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Don’t need to wait for the other food though. And there was one food item amongst all the menus that everybody learned about, and I’d say at least 33% actually enjoyed. If you were there, you know what I’m talkin’ about: the Chicken and Waffle“sandwiches” from Lulu’s. Oh, classic, classic Lulu, offering us something that we just can’t say no to. Thick, crunchy, juicy fried chicken (you’ve read my review, you know how awesome their fried chicken is), this time pushed between thick and caramelly Belgian Waffles, drizzled with syrup, topped with Bacon, some sort of ranch-ish sauce, and I think a parmesan crisp? This basically stands for everything that Lulu is; pure, unadulterated indulgenceand happiness… in a very messy container. Great for fairs with tables! I didn’t mind getting messy to enjoy this spicy, crunchy, somewhat sweet bunch of deliciousness; I actually had to finish with a fork. The best part, I’d have to say, was the waffle; like the chicken, I would very gladly eat this separate and on its own, one of the best waffles I’ve actually had in a long time (good crunch, great flavors, still soft inside, etc). Using it here just compounds the amazingness of the whole dish.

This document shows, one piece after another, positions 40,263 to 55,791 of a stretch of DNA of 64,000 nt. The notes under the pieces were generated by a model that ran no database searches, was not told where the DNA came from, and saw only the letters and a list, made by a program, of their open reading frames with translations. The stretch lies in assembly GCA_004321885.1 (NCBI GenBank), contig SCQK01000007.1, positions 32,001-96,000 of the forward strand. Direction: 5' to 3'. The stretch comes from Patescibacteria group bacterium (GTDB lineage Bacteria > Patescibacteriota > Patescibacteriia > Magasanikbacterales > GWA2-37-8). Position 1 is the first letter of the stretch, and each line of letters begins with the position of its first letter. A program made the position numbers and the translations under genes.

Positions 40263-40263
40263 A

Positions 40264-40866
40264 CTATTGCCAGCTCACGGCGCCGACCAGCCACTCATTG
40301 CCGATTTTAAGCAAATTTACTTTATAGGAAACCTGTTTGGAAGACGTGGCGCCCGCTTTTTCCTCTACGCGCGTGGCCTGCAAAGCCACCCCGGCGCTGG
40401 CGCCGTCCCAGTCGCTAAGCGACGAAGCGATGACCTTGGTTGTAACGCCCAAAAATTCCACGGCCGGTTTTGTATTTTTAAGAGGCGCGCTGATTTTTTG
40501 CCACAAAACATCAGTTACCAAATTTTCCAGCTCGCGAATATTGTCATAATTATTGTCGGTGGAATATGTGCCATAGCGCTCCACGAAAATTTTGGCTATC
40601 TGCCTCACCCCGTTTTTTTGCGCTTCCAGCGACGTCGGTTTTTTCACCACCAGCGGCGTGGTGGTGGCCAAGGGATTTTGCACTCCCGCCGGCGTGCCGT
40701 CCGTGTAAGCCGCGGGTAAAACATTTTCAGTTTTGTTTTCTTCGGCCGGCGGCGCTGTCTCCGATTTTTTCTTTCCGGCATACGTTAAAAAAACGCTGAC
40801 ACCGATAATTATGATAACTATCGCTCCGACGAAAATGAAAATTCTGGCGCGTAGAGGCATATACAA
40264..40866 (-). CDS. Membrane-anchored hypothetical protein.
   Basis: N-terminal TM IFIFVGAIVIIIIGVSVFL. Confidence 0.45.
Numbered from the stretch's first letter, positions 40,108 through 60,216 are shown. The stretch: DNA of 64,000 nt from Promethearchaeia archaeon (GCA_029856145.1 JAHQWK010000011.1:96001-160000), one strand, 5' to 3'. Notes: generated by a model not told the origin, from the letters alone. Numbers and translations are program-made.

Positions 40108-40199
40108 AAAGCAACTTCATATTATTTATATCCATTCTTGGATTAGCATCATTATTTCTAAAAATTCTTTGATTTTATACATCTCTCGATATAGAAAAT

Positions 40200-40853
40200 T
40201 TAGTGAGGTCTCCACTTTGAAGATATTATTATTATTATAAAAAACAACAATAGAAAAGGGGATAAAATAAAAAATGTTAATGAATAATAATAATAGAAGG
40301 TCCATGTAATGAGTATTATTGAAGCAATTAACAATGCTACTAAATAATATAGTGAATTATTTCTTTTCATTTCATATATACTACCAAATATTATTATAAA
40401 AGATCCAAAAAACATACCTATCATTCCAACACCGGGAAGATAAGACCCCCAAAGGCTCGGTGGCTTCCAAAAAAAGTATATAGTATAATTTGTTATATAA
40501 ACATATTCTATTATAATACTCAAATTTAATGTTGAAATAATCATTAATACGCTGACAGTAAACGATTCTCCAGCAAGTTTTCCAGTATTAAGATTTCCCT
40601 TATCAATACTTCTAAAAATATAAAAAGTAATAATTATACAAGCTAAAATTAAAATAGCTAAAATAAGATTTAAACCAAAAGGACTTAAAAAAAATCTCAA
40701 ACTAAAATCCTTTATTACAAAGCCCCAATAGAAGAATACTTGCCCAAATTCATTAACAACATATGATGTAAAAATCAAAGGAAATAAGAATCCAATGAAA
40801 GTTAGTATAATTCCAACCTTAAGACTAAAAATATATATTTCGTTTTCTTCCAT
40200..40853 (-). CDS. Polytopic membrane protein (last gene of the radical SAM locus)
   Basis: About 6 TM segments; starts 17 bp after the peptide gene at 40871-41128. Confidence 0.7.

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Now that I think about it, that makes a day of three different sandwiches. Huh, fun.

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So how do I finish off my palette after three heavy sandwiches on a hot day? Why with a popsicleof course! And it just so happens that Moral Omnivore has started selling a “Daily Popsicle” as their new dessert-of-choice. Like the chix+waffle, it made for another popular item amongst the crowd; I was quite surprised in finding out it was from MO, but very happy nonetheless.